1. Compare a strand of your hair to a strand of regular sewing thread: If your hair strand is thicker than the thread then you have thick hair strands, if it's the same size you have medium hair strands, if it’s thinner then you have thin hair strands.

2. You also want to check the elasticity of your hair strands. Take a few pieces of shed hair and wet them. Hold one end of one strand in each hand and pull the hair taut to stretch it. If the strand stretches and then returns to normal after you release it, you have good elasticity. If the hair snaps or does not return to its former length, you have low elasticity. You want to test a few strands individually and take the “average” of the tests. *Note….this should be done with a moderate amount of strength….all hair will snap if pulled hard enough.

3. To determine your hair's porosity, grasp a strand of shed hair firmly between your fingers. Slide the thumb and index finger of your other hand from end to scalp (opposite direction as for texture test). If your fingers "catch" going up the strand, or feel like they are ruffling up the hair strand, your hair is overly porous. If it is smooth, you have normal porosity. If your fingers move very fast up the hair strand and it feels exceptionally slick, you have low porosity.

Once your hair is dry and the first set of tests has been repeated, the final test is to determine the DENSITY of your hair. Density refers to the number of hair follicles that are on your head (and the actual number of hair strands that you have). Thin hair would have a smaller number of hair follicles, and the hair might look “spacey” or another way of looking at it is that you can easily see the scalp even if the hair is not parted (most people with thin hair (or less dense hair) complain of their twists being “scalpy”. Those with THICK hair have a larger number of follicles and medium density is obviously in the middle.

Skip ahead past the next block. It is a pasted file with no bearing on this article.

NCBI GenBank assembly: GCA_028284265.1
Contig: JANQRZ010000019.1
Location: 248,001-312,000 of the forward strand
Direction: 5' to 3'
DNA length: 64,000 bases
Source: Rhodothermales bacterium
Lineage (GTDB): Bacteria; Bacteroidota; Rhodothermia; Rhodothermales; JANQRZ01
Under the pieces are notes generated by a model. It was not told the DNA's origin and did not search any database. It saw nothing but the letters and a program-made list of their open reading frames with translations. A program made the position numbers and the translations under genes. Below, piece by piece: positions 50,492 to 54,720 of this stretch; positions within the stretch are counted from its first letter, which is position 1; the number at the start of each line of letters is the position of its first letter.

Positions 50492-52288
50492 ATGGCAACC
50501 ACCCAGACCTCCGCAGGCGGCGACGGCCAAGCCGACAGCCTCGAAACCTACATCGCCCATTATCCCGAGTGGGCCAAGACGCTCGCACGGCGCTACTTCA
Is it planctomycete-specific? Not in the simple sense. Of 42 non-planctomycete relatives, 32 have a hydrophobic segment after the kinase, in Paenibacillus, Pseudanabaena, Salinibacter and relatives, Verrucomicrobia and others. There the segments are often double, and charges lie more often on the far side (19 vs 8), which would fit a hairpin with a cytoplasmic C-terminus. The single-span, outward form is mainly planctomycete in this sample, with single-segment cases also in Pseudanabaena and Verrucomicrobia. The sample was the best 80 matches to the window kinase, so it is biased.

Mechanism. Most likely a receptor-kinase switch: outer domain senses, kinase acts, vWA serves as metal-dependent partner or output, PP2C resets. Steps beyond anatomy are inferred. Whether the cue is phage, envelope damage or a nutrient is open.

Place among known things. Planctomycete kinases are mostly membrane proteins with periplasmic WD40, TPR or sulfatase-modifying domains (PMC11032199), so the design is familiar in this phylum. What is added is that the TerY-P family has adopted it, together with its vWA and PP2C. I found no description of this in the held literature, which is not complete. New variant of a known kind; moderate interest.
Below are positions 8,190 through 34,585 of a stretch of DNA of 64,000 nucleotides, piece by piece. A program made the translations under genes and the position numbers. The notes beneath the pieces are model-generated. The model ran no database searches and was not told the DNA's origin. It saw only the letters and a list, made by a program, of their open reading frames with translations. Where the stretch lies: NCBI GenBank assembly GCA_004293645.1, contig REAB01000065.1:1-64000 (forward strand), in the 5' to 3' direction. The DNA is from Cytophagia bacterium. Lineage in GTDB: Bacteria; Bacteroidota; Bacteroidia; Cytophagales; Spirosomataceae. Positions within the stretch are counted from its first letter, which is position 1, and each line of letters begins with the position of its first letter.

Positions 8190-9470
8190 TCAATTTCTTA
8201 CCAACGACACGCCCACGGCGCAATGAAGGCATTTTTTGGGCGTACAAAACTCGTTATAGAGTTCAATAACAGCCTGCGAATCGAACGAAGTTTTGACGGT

*I found this test below online a while back and couldn’t find the original source to quote or link to, however, I found that a lot of ladies on LHCF, and another long hair care site (I don’t remember the name but it was catering to Caucasian ladies) used the method described below. I believe that it is also a part of the Fia hair typing system (which is different from Andre’s but that’s another post).*

To determine the density of your hair, pull all of your hair up into a ponytail in the center of your head (or as much as possible) and secure with an elastic band. Once the hair is secured, take a piece of thread/string and wrap it around the base of the ponytail, and measure the string where the ends touch. Depending on your measurement would determine how dense your hair is:

1. thin- less than 2 in.
2. medium- 2-4 in
3. thick- more than 4 in